Low-Income Schools See Big Benefits in Teaching Mindfulness Teaching Strategies On his first day teaching at Coronado Elementary School in Richmond, Calif., students threw rocks at Jean-Gabrielle Larochette, pretending he was a police officer. He spent fifteen minutes of every class calming down a handful of kids in this low-income-neighborhood public school who wouldn’t follow directions or behave. Larochette began practicing meditation and mindfulness to cope with his own stresses of teaching and supporting traumatized kids. “Before we can teach a kid how to academically excel in school, we need to teach him how to have stillness, pay attention, stay on task, regulate, make good choices,” said Larochette. The project has since grown and is now being incorporated in a group of elementary schools in Richmond, in an attempt to improve academic performance and create a more positive school culture by teaching students mindfulness. Educators at Nystrom Elementary school in Richmond are seeing some of those positive effects in their students. Related
How to Stop Being Lazy and Get More Done: 5 Expert Tips Before we commence with the festivities, I wanted to thank everyone for helping my first book become a Wall Street Journal bestseller. To check it out, click here. Some days the to-do list seems bottomless. Just looking at it is exhausting. We all want to know how to stop being lazy and get more done. So I decided to call a friend who manages to do this — and more. Cal Newport impresses the heck out of me. He has a full-time job as a professor at Georgetown University, teaching classes and meeting with students.He writes 6 (or more) peer-reviewed academic journal papers per year.He’s the author of 4 books including the wonderful “So Good They Can’t Ignore You.” And yet he finishes work at 5:30PM every day and rarely works weekends. No, he does not have superpowers or a staff of 15. Below you’ll get Cal’s secrets on how you can better manage your time, stop being lazy, get more done — and be finished by 5:30. 1) To-Do Lists Are Evil. To-do lists by themselves are useless. Here’s Cal: Sum Up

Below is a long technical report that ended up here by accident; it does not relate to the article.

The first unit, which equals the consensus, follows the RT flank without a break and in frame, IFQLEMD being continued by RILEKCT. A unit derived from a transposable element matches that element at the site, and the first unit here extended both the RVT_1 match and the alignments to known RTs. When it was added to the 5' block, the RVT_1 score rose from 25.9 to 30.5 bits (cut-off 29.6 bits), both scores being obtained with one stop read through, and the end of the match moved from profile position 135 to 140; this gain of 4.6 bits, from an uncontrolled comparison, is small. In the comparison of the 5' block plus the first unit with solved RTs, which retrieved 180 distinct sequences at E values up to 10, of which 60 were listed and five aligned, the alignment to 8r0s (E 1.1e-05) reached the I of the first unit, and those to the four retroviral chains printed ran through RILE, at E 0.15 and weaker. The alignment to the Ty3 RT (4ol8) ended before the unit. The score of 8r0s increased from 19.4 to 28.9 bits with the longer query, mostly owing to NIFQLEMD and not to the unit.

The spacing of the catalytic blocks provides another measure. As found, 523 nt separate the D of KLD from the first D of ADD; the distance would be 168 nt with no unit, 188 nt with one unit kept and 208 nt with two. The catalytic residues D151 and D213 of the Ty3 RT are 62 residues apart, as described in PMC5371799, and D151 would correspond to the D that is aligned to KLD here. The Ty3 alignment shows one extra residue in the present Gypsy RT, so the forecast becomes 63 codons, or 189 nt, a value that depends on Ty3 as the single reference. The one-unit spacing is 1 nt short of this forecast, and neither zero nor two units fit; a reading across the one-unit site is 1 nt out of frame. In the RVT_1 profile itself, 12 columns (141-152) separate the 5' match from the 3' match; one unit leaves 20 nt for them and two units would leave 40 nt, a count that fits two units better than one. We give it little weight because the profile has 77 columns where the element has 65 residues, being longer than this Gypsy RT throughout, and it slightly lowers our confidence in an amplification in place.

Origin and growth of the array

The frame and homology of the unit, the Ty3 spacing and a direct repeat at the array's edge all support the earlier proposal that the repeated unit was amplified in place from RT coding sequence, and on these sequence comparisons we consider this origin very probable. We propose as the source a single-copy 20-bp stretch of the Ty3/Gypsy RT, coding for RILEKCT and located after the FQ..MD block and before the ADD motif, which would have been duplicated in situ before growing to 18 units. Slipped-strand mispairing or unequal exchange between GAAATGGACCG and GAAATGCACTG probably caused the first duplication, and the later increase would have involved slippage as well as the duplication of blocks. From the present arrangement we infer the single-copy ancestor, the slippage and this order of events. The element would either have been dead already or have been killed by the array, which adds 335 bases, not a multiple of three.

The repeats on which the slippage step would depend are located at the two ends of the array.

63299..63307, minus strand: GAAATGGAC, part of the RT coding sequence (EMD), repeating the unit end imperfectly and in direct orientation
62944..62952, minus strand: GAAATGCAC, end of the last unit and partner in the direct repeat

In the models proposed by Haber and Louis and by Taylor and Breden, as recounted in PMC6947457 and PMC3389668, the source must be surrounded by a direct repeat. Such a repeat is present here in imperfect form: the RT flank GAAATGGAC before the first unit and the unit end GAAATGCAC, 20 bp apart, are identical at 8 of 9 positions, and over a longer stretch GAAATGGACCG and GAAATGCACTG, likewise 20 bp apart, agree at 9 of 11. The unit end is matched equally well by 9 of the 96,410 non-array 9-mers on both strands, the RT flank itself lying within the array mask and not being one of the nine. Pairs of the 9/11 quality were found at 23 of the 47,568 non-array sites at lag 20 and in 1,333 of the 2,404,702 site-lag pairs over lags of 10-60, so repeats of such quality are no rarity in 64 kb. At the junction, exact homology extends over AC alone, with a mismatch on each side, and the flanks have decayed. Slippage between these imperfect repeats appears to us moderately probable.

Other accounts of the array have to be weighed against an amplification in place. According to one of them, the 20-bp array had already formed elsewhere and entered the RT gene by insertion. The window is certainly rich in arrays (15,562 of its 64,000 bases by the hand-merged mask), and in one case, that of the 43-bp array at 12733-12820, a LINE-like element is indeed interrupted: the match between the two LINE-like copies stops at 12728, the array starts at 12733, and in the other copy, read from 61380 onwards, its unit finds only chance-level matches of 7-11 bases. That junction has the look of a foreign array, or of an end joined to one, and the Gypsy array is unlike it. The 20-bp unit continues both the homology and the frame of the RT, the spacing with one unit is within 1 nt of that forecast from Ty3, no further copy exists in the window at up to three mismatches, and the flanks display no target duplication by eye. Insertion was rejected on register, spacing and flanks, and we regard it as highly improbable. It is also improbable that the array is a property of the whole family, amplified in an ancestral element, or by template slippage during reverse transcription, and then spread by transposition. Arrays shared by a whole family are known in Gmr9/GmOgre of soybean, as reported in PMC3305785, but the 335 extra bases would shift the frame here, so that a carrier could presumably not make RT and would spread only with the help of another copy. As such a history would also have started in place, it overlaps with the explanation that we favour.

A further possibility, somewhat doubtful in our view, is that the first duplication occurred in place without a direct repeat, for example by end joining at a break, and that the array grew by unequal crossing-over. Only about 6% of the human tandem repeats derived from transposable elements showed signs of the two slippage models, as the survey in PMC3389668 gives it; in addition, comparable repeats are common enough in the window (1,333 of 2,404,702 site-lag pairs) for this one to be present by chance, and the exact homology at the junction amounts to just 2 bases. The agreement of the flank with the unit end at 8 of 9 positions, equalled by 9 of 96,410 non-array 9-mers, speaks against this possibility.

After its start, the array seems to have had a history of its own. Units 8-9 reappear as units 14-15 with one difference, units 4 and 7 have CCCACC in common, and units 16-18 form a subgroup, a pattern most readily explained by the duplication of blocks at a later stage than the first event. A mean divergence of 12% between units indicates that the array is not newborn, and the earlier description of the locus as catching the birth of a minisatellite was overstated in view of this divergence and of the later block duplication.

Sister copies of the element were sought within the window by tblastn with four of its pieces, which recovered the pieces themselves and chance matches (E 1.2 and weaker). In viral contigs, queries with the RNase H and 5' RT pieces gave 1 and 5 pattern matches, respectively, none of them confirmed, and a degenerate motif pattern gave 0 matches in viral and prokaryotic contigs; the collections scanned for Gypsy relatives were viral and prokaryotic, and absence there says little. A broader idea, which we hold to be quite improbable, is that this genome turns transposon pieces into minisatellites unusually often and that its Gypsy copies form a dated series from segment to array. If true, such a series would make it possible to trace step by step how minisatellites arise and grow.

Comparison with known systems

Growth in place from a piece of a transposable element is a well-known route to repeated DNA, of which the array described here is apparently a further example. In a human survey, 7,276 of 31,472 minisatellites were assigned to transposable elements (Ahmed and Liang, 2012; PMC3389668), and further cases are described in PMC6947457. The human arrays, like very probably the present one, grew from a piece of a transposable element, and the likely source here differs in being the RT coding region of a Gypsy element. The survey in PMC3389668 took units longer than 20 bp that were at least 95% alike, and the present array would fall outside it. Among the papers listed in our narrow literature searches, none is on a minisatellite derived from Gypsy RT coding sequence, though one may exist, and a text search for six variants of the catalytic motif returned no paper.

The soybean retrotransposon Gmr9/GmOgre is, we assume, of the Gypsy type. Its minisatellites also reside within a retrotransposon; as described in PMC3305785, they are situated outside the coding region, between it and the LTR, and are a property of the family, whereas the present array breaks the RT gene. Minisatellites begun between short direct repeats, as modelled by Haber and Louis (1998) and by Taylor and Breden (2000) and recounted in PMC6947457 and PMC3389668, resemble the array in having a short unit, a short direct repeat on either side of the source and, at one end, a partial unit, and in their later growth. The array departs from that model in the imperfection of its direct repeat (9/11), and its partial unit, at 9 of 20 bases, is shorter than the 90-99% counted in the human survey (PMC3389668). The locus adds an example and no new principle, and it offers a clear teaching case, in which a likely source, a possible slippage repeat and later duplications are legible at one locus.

Thinking differently | Chris Clay Wouldn’t it be great if every kid could access robotics equipment and make physical objects do stuff? If the answer is yes – this article might be interesting as I’ll be sharing a recent project I’ve been involved with to provide kit that helps kids build and code their own robot that has all the bells and whistles for less that $30. And just in case you’re wondering – No I’m not selling robots! For the last few years I’ve been playing with all kinds of robotic bits and bobs and exploring how and why kids might create with them. This has involved a lot of tinkering with screwdrivers, learning to write a bit of code and even a trip to South Korea. This expense is problematic for a number of reasons including the following: Schools struggle to purchase kits. For a long time there have been a number of low-cost alternatives to the more expensive kits. Over the last year or so a few alternatives to this have popped up. However – they are still kits. First of all they have instructions.
4 Phases of Inquiry-Based Learning: A Guide For Teachers 4 Phases Of Inquiry-Based Learning: A Guide For Teachers by Terry Heick According to Indiana University Bloomington, Inquiry-based learning is an “instructional model that centers learning on a solving a particular problem or answering a central question. Learning focuses around a meaningful, ill-structured problem that demands consideration of diverse perspectivesAcademic content-learning occurs as a natural part of the process as students work towards finding solutionsLearners, working collaboratively, assume an active role in the learning processTeachers provide learners with learning supports and rich multiple media sources of information to assist students in successfully finding solutionsLearners share and defend solutions publicly in some manner” The process itself can be broken down into stages, or phases, that help teachers frame instruction. 4 Phases of Inquiry-Based Learning: A Guide For Teachers 1. The first phase of inquiry-based learning is one characterized by interaction.